Folate and B12 in prostate cancer

Research output: Contribution to journalArticle (Academic Journal)peer-review

24 Citations (Scopus)


Mechanisms postulated to link folate and B12 metabolism with cancer, including genome-wide hypomethylation, gene-specific promoter hypermethylation, and DNA uracil misincorporation, have been observed in prostate tumor cells. However, epidemiological studies of prostate cancer risk, based on dietary intakes and blood levels of folate and vitamin B12 and on folate-pathway gene variants, have generated contradictory findings. In a meta-analysis, circulating concentrations of B12 (seven studies, OR = 1.10; 95% CI 1.01, 1.19; P = 0.002) and (in cohort studies) folate (five studies, OR = 1.18; 95% CI 1.00, 1.40; P = 0.02) were positively associated with an increased risk of prostate cancer. Homocysteine was not associated with risk of prostate cancer (four studies, OR = 0.91; 95% CI 0.69, 1.19; P = 0.5). In a meta-analysis of folate-pathway polymorphisms, MTR 2756A > G (eight studies, OR = 1.06; 95% CI 1.00, 1.12; P = 0.06) and SHMT1 1420C > T (two studies, OR = 1.11; 95% CI 1.00, 1.22; P = 0.05) were positively associated with prostate cancer risk. There were no effects due to any other polymorphisms, including MTHFR 677C > T (12 studies, OR = 1.04; 95% CI 0.97, 1.12; P = 0.3). The positive association of circulating B12 with an increased risk of prostate cancer could be explained by reverse causality. However, given current controversies over mandatory B12 fortification, further research to eliminate a causal role of B12 in prostate cancer initiation and/or progression is required. Meta-analysis does not entirely rule out a positive association of circulating folate with increased prostate cancer risk. As with B12, even a weak positive association would be a significant public health issue, given the high prevalence of prostate cancer and concerns about the potential harms versus benefits of mandatory folic acid fortification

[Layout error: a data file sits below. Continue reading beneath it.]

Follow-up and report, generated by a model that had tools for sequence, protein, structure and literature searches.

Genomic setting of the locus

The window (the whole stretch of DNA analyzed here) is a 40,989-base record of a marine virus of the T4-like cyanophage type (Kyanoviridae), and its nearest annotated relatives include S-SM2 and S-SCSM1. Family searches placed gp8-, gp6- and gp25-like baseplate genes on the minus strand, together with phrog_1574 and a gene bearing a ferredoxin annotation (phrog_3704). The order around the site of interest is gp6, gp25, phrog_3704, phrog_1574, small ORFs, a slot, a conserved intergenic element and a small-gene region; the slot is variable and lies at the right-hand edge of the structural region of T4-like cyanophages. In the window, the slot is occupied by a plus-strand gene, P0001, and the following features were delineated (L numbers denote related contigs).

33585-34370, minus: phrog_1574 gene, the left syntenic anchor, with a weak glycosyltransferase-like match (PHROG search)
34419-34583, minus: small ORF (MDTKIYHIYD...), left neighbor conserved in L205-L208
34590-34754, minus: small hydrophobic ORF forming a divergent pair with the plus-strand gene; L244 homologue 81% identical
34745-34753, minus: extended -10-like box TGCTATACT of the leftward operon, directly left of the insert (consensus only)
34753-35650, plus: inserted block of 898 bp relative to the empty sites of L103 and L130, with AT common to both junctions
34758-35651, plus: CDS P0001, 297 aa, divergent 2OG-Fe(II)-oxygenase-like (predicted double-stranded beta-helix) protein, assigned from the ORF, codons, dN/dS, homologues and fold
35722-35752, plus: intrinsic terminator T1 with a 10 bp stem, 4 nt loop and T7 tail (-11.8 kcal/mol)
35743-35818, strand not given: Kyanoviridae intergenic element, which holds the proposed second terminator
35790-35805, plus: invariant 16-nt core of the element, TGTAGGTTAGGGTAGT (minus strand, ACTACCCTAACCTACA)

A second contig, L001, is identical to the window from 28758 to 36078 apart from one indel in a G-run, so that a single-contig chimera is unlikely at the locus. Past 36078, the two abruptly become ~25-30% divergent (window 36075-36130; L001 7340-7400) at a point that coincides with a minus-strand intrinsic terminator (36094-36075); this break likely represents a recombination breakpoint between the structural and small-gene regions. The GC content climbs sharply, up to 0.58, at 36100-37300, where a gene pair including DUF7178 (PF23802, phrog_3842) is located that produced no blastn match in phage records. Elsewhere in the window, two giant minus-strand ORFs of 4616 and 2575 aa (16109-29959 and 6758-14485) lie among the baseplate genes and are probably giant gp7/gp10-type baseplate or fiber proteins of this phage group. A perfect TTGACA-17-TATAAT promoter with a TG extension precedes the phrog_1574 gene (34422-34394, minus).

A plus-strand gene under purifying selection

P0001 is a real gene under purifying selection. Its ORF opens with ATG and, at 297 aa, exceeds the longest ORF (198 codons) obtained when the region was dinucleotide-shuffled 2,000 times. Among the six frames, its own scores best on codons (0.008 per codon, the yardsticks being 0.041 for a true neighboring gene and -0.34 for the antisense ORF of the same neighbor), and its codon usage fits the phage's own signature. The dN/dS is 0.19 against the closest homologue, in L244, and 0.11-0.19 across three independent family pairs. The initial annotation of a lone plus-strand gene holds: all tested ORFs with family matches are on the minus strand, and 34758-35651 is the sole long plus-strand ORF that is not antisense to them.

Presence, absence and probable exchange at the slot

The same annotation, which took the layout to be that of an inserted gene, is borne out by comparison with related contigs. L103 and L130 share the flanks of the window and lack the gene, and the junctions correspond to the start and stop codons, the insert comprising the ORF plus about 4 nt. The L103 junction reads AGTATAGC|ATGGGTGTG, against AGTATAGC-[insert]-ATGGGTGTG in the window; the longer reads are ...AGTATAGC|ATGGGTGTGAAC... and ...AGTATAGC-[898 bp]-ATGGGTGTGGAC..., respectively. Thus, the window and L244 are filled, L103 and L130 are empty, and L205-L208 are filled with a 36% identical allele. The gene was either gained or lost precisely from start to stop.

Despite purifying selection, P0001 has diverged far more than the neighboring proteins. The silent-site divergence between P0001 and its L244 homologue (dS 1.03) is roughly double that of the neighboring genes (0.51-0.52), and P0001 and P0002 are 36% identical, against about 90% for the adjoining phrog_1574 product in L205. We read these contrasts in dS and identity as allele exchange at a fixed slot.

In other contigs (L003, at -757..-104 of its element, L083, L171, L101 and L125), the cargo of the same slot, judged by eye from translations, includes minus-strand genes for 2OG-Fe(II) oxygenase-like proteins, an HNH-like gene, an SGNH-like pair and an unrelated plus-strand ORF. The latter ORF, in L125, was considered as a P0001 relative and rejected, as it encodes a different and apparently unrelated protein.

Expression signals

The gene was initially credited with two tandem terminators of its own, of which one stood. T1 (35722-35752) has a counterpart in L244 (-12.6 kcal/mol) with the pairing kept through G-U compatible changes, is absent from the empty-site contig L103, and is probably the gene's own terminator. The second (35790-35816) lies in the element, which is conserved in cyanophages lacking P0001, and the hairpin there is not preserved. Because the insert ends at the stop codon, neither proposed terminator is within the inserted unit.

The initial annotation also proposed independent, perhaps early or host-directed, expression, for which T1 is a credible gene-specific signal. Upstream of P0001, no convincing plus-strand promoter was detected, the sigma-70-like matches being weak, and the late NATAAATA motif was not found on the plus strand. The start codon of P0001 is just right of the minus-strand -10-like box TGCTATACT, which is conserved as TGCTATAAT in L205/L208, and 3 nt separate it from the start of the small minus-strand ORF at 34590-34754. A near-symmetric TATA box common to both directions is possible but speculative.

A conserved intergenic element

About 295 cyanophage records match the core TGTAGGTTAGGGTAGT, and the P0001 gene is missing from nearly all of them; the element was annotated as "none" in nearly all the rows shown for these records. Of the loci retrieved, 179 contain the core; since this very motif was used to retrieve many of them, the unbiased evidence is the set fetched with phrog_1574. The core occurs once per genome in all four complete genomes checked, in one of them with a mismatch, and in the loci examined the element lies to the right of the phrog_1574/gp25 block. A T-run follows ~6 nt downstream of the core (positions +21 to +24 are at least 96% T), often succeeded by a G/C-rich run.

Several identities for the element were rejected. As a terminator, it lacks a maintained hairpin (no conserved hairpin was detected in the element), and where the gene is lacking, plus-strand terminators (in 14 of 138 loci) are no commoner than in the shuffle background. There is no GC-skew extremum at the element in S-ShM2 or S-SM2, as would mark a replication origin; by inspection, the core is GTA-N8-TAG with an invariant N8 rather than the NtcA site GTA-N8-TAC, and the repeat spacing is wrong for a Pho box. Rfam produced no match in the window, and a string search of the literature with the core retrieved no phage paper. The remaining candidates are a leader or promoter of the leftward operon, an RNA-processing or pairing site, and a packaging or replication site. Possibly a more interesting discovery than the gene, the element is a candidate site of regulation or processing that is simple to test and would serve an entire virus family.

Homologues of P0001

Original languageEnglish
Pages (from-to)1-63
Number of pages63
JournalAdvances in Clinical Chemistry
Publication statusPublished - 2013


Dive into the research topics of 'Folate and B12 in prostate cancer'. Together they form a unique fingerprint.

Cite this